MONALISA 2.0 developed and created a network of interconnected simulator centres in a number of EU countries – the European Maritime Simulator Network. This network enables testing of Sea Traffic Management in complex traffic situations, as well as other functions, like Search and Rescue, as a safer alternative to live testing. This EMSN will be used both to simulate varying traffic conditions and further test and validate other parts of STM that are not possible to test and validate in real life at this stage, such as area management.

SAR simulation exercise

“I t felt real as there were other real people involved”

In the first days of March 2016 the EMSN in STM activity 3 arranged a Search and Rescue (SAR) exercise with the network of simulators in Sweden, Norway and Finland. Anja Divkovic and Hanna Varvne from Chalmers were two of the participants on the on-scene coordinator ship Fure West. They are final year students of the Master Mariner programme at Chalmers University of Technology.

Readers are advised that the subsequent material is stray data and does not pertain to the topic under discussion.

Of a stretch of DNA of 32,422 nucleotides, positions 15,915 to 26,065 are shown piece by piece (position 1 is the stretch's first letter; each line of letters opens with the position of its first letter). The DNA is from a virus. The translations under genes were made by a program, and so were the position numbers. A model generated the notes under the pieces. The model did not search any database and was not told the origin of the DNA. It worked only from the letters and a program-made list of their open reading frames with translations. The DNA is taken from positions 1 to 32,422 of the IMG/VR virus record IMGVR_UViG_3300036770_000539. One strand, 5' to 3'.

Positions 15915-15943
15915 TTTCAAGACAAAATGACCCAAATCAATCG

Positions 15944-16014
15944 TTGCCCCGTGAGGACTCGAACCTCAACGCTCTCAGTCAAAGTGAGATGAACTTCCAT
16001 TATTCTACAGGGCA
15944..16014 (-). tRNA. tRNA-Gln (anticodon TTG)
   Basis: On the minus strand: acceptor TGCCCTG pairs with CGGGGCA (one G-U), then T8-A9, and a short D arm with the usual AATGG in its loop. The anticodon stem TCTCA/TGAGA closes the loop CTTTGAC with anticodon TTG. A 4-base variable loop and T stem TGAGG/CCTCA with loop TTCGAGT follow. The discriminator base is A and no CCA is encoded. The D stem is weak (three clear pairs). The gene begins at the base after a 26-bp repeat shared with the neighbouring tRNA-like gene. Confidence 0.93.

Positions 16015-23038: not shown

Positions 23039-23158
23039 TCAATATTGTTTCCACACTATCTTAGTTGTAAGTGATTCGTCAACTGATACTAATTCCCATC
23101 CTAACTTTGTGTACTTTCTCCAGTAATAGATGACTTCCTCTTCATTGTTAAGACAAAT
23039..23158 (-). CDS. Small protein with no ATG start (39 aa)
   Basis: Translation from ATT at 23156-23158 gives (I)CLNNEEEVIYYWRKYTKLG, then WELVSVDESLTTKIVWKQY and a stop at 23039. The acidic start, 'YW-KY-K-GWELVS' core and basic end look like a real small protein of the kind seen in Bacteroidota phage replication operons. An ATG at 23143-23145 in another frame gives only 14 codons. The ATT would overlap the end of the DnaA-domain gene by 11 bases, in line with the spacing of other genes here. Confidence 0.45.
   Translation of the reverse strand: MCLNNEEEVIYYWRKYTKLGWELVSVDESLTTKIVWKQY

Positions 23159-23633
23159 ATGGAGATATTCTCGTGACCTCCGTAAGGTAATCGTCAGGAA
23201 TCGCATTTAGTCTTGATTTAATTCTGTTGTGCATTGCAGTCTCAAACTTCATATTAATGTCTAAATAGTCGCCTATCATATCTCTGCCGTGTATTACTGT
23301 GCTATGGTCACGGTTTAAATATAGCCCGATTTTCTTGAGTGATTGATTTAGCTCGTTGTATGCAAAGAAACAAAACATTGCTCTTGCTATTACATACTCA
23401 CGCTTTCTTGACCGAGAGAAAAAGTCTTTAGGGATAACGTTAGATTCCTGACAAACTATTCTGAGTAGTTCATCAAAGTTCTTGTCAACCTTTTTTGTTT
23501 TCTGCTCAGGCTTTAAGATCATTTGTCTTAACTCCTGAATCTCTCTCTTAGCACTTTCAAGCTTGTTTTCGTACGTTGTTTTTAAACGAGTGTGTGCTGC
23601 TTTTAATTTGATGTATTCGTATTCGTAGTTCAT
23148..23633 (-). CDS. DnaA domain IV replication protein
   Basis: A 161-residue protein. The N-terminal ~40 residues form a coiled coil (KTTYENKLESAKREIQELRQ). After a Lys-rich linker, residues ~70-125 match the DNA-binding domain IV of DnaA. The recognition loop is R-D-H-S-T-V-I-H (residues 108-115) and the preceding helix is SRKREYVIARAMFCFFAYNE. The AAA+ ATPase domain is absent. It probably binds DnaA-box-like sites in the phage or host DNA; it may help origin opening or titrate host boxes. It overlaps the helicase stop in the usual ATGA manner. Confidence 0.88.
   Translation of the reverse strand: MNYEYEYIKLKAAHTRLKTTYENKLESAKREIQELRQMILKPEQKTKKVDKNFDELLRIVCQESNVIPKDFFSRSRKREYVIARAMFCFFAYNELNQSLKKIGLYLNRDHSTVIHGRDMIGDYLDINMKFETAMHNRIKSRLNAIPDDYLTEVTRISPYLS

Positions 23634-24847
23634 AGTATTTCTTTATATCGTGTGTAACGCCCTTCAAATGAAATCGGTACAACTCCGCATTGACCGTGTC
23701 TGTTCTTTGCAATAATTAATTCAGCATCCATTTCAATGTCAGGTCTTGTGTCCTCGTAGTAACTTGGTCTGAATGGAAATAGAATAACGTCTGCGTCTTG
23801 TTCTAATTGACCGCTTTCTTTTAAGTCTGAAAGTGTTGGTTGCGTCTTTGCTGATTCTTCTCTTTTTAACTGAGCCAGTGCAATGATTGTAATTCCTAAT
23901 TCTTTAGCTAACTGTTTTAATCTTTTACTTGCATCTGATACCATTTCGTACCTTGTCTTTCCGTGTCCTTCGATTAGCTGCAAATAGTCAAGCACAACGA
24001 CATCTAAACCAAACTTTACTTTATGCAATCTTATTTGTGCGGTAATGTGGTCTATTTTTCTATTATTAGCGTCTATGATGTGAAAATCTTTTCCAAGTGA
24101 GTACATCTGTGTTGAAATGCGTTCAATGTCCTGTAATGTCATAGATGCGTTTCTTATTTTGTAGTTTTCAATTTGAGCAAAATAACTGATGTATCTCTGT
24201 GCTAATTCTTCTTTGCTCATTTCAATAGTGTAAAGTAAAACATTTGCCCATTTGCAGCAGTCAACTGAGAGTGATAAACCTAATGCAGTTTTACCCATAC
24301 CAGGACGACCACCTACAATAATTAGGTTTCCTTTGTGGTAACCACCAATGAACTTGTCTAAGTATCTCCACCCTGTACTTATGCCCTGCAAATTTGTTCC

What roles did you have in the exercise?

“I was on the bridge of the on-scene coordinator ship acting as navigational officer and taking notes about all communication taking place,” Hanna explains. “I was on the same ship as co-navigator and managed external communication with the other ships. I was also involved in planning the search,” Anja adds.

How did you feel during the exercise?